Features of Dissolved Acetylene:
- the hottest and most efficient of all the fuel gases, providing high levels of productivity
- very efficient use of oxygen
- lighter than air and will not accumulate at low levels
- low ignition energy
- low moisture content flame
- non-toxic (may cause dizziness in high concentrations)
- oxygen and acetylene together produce a flame temperature of approximately 3150°C
- the oxy-acetylene flame gives very good localised heating with a minimum of wasted heat
- in cutting, oxy-acetylene gives the fastest preheating and piercing times of any fuel gas combination
- in oxy-acetylene cutting processes, improved cut quality, higher cutting speed, faster cut initiation time and reduced oxygen use are achieved
- when used with either oxygen or air, acetylene can produce a thin layer of black carbon particles. This can prevent components sticking in their moulds
- unused gas will not collect in low-lying areas, ducts and drains causing a potential hazard
- acetylene is stored in specially-designed cylinders to prevent decomposition
- the flame has a low moisture content making it a good choice for many critical heating applications
Application and use
- flame heating
- flame gouging
- gas welding. The only fuel gas which can be used to weld steel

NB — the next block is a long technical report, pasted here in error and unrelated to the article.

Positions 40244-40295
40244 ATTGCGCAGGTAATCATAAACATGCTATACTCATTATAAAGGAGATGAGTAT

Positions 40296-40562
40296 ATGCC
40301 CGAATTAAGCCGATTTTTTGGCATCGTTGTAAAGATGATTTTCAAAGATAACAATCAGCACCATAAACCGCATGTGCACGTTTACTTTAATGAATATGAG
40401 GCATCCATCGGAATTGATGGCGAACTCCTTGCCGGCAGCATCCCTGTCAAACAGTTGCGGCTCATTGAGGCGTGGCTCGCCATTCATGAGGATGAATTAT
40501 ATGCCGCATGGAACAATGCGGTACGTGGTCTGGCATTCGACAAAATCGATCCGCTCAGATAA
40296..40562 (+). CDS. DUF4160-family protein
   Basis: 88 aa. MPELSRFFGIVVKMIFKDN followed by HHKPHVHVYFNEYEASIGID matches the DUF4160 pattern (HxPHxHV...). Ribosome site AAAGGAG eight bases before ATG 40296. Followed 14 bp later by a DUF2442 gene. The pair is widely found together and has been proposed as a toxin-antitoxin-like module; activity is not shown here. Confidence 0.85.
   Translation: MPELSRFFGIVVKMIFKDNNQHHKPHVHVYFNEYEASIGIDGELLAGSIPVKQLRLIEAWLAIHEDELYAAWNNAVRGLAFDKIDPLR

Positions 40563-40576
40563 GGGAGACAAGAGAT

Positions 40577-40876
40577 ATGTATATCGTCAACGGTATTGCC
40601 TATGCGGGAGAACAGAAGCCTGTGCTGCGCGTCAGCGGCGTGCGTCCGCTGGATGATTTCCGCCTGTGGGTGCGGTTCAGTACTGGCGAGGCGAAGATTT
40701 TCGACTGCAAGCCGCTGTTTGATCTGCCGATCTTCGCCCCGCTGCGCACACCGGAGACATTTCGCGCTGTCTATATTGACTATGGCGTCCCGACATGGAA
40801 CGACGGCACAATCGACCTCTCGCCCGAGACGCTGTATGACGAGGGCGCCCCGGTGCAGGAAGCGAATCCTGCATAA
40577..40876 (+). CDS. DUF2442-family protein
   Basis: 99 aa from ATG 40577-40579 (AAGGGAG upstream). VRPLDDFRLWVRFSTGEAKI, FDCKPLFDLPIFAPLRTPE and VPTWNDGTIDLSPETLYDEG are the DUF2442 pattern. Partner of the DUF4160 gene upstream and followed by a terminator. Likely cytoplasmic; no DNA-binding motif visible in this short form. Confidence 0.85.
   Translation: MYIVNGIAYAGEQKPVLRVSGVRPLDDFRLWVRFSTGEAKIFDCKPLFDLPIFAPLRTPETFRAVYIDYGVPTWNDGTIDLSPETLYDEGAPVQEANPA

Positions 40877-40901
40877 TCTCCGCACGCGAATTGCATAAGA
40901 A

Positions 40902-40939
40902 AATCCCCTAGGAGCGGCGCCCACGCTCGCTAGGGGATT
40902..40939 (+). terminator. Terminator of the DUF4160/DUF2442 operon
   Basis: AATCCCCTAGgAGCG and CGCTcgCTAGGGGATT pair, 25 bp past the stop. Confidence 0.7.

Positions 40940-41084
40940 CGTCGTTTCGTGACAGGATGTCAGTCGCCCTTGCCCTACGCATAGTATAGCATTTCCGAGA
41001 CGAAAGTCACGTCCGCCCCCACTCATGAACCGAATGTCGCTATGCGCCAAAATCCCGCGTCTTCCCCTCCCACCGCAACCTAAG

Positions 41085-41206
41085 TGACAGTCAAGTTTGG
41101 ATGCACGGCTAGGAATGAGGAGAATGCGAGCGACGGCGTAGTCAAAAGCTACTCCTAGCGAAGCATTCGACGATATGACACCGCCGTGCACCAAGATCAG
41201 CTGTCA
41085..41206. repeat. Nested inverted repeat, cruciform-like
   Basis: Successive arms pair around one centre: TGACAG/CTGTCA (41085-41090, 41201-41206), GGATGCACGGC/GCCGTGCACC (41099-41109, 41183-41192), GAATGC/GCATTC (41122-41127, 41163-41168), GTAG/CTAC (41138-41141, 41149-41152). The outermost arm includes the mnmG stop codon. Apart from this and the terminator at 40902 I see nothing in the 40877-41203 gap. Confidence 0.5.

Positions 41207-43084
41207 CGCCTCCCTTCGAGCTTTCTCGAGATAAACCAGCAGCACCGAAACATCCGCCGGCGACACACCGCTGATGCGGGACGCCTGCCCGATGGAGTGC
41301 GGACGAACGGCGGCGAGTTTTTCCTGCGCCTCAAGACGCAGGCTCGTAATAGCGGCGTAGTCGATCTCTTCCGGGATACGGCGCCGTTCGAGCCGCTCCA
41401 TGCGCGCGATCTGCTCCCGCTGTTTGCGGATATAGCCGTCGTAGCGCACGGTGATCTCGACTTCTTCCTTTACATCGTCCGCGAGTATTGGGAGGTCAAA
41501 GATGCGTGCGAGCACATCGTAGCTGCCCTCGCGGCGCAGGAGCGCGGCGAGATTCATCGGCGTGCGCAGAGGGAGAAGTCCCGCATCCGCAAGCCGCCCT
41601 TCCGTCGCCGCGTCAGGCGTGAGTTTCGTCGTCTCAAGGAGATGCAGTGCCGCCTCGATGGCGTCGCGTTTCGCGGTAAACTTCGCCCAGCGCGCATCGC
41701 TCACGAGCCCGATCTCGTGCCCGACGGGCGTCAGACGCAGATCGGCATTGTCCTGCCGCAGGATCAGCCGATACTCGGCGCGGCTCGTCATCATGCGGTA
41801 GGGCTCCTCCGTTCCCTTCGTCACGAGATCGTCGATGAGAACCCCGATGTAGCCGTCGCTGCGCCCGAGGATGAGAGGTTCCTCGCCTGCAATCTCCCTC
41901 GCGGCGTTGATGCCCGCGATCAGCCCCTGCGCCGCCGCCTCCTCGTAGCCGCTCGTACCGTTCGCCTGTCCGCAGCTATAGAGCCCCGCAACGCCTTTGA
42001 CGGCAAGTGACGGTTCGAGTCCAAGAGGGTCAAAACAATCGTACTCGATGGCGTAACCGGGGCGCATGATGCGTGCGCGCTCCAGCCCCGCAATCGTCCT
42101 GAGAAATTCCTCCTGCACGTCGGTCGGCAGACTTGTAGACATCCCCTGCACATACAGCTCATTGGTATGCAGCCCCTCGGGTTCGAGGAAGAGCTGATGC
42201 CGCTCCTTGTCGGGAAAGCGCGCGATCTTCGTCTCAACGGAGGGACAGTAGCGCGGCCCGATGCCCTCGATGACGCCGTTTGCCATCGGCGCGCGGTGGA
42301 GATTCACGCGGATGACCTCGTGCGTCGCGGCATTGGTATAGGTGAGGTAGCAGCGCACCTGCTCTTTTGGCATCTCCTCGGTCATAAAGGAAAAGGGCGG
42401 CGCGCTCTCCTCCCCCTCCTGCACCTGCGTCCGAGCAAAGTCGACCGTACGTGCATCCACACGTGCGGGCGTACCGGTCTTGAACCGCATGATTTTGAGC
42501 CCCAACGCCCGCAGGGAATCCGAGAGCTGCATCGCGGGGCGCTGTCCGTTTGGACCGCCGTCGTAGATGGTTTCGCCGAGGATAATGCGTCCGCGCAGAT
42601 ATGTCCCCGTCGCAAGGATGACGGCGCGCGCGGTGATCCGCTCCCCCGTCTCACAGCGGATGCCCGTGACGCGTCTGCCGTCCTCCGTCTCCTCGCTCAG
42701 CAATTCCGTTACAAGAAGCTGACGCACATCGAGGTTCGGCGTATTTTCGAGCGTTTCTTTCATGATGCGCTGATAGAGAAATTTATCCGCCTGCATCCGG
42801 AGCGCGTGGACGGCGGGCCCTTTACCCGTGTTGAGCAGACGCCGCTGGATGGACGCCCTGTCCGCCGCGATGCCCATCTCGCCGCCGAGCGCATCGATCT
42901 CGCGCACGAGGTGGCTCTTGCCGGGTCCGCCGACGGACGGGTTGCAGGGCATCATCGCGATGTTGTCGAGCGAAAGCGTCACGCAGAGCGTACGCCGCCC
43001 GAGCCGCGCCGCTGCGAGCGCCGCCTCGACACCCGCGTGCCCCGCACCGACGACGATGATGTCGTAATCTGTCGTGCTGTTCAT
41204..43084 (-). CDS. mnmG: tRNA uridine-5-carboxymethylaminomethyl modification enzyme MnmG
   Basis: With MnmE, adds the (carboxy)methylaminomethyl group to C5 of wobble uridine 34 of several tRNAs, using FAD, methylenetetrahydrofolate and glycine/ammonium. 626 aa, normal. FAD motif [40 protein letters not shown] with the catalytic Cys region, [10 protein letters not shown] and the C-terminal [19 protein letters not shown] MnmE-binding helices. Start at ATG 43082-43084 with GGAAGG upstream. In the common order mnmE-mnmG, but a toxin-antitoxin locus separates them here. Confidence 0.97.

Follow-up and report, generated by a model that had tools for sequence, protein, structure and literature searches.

- flame hardening. An oxy-acetylene flame can be used where the hardened surface of carbon steel components is either in situ as a remedial process or on components too large to fit in a furnace
- flame cleaning. A wide oxy-acetylene flame is held very close to a steel surface to be cleaned
- flame straightening where the precise and efficient flame properties are used to remove distortion in plate material
- thermal spraying of various metals and ceramics. The material to be sprayed is fed through the flame
- spot-heating applications
- branding wooden pallets
- glass and metal castings
- mould release and other anti-stick applications
- the only fuel gas recommended for use in underground working conditions
Please note: in any confined spaces, extraction devices should be used to remove any potentially dangerous by-products.
Acetylene can ignite and burn instantly from a spark or piece of hot metal.
It can form explosive acetylide compounds with some metals, most notably copper, silver and mercury.
Please note: copper alloys containing less than 65% copper and silver solder containing less than 43% silver are considered safe.
Hoses used with acetylene are coloured red and are designed to resist acetone. For this reason other fuel gas hoses must not be used.
For a full list of materials which are not allowed or are recommended only under certain conditions, please consult BCGA Codes of Practice CP5 and CP6
- care must be taken when using acetylene as it is an asphyxiant
- acetylene is highly reactive. It is dissolved in acetone and contained within a porous mass inside the cylinder
- acetylene can react over time with some metals to form explosive acetylides
- acetylene is slightly lighter than air and will collect at ceiling level